We used to look up at the sky and wonder at our place in the stars, now we just look down and worry about our place in the dirt.1
I've always dreamed of doing great things. Although it was more often dreams of being a knight of the Round Table than of being an astronaut. When we were children, grandiose dreams were commonplace for us. Imbued with youthful optimism - and a healthy dose of what some may call naiveté - nothing seemed out of reach. It could have been the presidency, or space, a cure for cancer, or a happy family; no matter how lofty our vision, we wanted it.
These days, If I could do everything I wanted to, I'd build things. I'd design and engineer elegant, beautiful and efficient things that would help bring people together in an unimaginable number of ways. I'd serve in public office because I love my community and want to help people realize their fullest potential. I'd let the magnificence of this world wash over my soul and overflow into art, music, photography, writing - every true, good and beautiful thing. I would let a fierce, selfless, and magnanimous love of family and friends and people consume me.
But it's easy to become jaded, isn't it? Somewhere along the way, bright and shiny dreams begin to tarnish. "This is real life. Better get used to it." "Don't rock the boat." "Just do as you're told." Doubt takes hold, and reality sets in. The problem is that it's the worst of reality, and not the best of it. People have commented multiple times that, "uh, don't you know how many years that'll take?" when they hear of my educational ambitions. I can't even begin to count the number of times that I've heard something along the lines of, "The government is pretty much entirely corrupt anyways; doesn't matter how pure your intentions are. You'll end up just as power-hungry and compromised as all the other politicians." Goodness knows it's tough to make a living as an artist. And to love other people when they can be so aggravatingly unlovable? It is terrifyingly easy to give up and let things be.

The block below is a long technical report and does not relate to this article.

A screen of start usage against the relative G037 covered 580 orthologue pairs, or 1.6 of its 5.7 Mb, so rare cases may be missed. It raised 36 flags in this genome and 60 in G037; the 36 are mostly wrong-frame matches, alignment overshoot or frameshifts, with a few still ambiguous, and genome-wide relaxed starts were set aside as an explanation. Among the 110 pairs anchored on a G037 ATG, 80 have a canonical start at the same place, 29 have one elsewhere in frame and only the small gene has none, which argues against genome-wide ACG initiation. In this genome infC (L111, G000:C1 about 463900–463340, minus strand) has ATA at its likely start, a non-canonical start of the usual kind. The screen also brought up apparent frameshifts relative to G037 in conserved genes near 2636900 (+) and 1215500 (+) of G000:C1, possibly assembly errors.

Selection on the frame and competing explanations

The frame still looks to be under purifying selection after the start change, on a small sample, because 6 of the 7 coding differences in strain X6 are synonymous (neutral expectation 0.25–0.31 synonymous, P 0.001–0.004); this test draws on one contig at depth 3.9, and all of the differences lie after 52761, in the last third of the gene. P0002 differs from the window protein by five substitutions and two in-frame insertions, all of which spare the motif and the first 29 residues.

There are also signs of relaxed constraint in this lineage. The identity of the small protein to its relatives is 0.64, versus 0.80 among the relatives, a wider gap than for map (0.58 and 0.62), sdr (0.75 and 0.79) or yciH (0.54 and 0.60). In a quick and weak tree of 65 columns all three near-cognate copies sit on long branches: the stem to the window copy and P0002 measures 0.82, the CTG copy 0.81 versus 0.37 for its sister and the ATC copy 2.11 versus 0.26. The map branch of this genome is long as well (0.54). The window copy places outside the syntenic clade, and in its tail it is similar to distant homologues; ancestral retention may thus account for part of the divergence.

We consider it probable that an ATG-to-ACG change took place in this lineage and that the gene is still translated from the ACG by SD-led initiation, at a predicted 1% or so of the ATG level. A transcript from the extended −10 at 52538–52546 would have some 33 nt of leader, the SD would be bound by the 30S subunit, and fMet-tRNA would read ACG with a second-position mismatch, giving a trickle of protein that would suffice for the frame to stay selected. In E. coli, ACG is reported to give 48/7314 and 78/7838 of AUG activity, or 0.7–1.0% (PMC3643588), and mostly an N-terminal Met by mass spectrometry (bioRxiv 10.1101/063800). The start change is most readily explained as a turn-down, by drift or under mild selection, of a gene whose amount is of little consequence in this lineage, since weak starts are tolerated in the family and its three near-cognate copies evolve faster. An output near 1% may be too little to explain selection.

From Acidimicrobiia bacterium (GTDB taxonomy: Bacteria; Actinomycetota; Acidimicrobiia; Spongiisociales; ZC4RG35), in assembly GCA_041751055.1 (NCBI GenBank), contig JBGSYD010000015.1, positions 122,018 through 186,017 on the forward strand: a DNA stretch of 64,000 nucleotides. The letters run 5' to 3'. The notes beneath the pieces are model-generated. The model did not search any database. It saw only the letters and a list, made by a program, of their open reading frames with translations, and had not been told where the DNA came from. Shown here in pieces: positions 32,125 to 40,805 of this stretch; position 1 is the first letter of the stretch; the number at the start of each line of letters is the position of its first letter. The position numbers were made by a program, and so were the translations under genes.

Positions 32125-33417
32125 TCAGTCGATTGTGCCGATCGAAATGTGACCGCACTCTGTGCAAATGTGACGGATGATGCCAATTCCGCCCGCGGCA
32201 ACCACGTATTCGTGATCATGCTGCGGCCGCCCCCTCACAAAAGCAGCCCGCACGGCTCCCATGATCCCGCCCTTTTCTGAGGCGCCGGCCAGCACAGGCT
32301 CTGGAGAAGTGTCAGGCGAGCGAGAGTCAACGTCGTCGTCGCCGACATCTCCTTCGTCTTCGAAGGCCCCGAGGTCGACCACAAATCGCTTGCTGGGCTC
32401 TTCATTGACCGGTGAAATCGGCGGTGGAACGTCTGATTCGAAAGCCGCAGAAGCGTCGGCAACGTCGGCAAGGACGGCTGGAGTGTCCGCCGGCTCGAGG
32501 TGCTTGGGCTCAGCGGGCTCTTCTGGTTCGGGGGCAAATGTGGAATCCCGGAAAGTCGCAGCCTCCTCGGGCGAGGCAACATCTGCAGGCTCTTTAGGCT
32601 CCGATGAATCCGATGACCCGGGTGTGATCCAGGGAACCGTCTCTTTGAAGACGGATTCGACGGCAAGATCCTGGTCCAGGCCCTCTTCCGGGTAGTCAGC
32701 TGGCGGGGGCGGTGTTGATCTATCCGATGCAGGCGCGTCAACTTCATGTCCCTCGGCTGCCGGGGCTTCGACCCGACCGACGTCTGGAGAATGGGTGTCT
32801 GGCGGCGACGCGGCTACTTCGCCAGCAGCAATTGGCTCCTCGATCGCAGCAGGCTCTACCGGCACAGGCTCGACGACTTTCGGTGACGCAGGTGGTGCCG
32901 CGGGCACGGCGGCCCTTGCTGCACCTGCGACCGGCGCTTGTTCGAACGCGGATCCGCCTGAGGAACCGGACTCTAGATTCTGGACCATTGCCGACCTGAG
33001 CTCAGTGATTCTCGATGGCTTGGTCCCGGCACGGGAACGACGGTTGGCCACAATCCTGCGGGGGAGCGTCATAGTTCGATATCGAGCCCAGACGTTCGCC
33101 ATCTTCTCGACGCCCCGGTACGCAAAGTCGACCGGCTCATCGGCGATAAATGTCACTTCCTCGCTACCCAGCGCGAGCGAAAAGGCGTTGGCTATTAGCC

But we can't. Or shouldn't. The world is a little less bright whenever someone decides to stick with the status quo. Doing so deprives family, friends, community, nation, and world of something that is utterly and irreplaceably unique about that someone. It could be a process or an idea, a perspective or an enthusiasm. It could be as simple as a smile that is passed on and on and on by people whose spirits have been lifted just enough to change their entire day.
You and I have something to offer. You can give things, and in ways that are so you that you can make an impact that no one else in the past, present or future could ever hope to replicate. But doing so requires that we push and pull and challenge ourselves to be the best version of ourselves that we can be. As one of my professors is fond of saying, "comfort is the enemy of achievement." Don't be afraid to strive to be greater than you are right now. Don't be afraid to want more than to simply get along. We must never just get along.2
No, it isn't easy. I often find myself aimlessly, mindlessly, scrolling through Facebook - not even with the intention of reaching out to people, but just as a filler because I'm bored and my mind needs stimulation. I'll find myself skimming through horribly written fanfiction just for the sake of doing something. Not the most productive use of my time, but it's these things that force me to ask myself, "where is this taking me?"
If I intend to be a great engineer, should I not be diligent in studying for my classes? If, when I must lead, I want to be a great leader, then don't I have to learn how to follow in order to learn what good leadership is? If I want to be an artist, do I take the time to breathe in beauty and share it with others? And if I desire to be a husband and father, can I do anything less than cast aside everything in the here and now that would cripple my ability to love so deeply and nobly as to be worthy of such a vocation?
We may long for great things, but we often forget the things that are no less necessary on the way there. But our great comfort should be in the fact that wherever we are in life, we have the opportunity to glorify God in everything we do. If I say, I must be a saint and a great saint,3 perhaps a sub-statement of that is, "I must be a student and a great student." If we've been given opportunities and talents, how can we do anything less than to make the most of them? Don't lose that greatness of spirit that drives us to ever higher things. Don't be afraid to dream. And don't be afraid to act on those dreams.
Allow your soul to be consumed by desires — desires for loving, for forgetting yourself, for sanctity, for Heaven. Do not stop to wonder whether the time will come to see them accomplished, as some pseudo-adviser might suggest. Make them more fervent every day, for the Holy Spirit says that he is pleased with men of desires.
Let your desires be operative and put them into practice in your daily tasks.4
Dare great things | ad Jesum per Mariam!
Pax Christi +JMJ+